Ex-marine Nick Hancock has been forced to postpone his bid to occupy the remote Atlantic islet of Rockall, where he planned to live alone for 60 days relying on Inmarsat for communications with the outside world.
The adventurer, who aims to raise funds for UK charity Help for Heroes, has decided to shelve the record-breaking attempt until next summer after being foiled by dangerous conditions.
He had been all set to spend 60 days living on Rockall in a self-built survival pod containing all his supplies – including an Explorer 700 BGAN terminal and IsatPhone Pro satellite phone provided by Inmarsat service provider Telespazio Vega UK.
But his attempt last week to reach the remote rock was foiled by poor sea conditions which made it impossible to land.
Swells of up to eight metres greeted Nick and his support crew when they arrived at the outcrop.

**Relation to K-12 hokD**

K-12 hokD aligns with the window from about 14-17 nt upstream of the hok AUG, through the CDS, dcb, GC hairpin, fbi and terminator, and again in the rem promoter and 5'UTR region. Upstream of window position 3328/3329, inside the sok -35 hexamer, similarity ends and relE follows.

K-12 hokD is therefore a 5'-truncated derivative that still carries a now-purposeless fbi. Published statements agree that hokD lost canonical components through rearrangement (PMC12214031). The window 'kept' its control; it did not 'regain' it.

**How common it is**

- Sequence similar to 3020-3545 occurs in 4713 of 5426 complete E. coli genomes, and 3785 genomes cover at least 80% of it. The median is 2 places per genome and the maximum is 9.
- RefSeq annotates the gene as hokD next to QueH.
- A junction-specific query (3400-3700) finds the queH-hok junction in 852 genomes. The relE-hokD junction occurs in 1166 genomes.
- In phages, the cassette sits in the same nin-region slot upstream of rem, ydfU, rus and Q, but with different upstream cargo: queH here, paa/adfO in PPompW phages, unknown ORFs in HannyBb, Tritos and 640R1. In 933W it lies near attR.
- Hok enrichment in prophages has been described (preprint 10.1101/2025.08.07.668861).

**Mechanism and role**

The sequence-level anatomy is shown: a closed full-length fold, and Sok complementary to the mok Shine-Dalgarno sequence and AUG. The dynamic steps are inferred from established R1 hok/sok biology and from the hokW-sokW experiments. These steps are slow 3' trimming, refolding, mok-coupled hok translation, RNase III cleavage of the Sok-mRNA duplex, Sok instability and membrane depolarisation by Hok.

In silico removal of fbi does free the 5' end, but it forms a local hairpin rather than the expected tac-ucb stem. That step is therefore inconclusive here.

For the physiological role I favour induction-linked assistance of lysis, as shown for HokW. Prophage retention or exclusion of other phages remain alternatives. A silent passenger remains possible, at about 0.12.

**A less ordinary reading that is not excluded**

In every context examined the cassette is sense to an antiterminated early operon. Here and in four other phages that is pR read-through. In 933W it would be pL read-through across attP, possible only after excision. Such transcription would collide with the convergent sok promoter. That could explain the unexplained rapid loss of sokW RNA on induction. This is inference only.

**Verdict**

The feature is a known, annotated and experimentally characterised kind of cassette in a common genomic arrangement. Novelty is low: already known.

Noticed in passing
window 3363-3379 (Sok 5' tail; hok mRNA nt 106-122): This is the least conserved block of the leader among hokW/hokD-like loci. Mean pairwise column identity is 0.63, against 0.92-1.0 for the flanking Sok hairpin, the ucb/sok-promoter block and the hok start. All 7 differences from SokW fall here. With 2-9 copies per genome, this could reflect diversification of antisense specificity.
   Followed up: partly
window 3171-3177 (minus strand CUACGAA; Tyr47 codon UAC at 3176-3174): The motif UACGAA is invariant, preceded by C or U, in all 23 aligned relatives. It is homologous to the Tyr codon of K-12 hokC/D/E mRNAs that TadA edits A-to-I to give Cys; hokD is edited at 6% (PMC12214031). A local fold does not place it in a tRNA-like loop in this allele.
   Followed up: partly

Rockall lies 163 nautical miles west of the Outer Hebrides and measures just 25 metres (82 feet) across, and 18 metres (59 feet) high.
They were forced to retreat to St Kilda where Nick took the tough decision to delay his occupation bid until mid-2014.
Nick, who planned to blog about his experiences for the Guardian, told the newspaper:
At least we could get out to the rock and get a proper look at the conditions and they just weren't there. That was basically out of anyone's control.
“That's the unfortunate thing with expeditions like this: it's like sitting at Everest base camp for a couple of months and not getting a break in the weather.”
Nick said his options for another landing were now heavily restricted by the weather and sea conditions – which deteriorate still further each August – and the availability of the leisure cruiser he needs to transport him and his survival pod to the islet.
He eventually hopes to beat two longstanding records – for solo occupation and longest occupation.
Rockall Solo: www.rockallsolo.com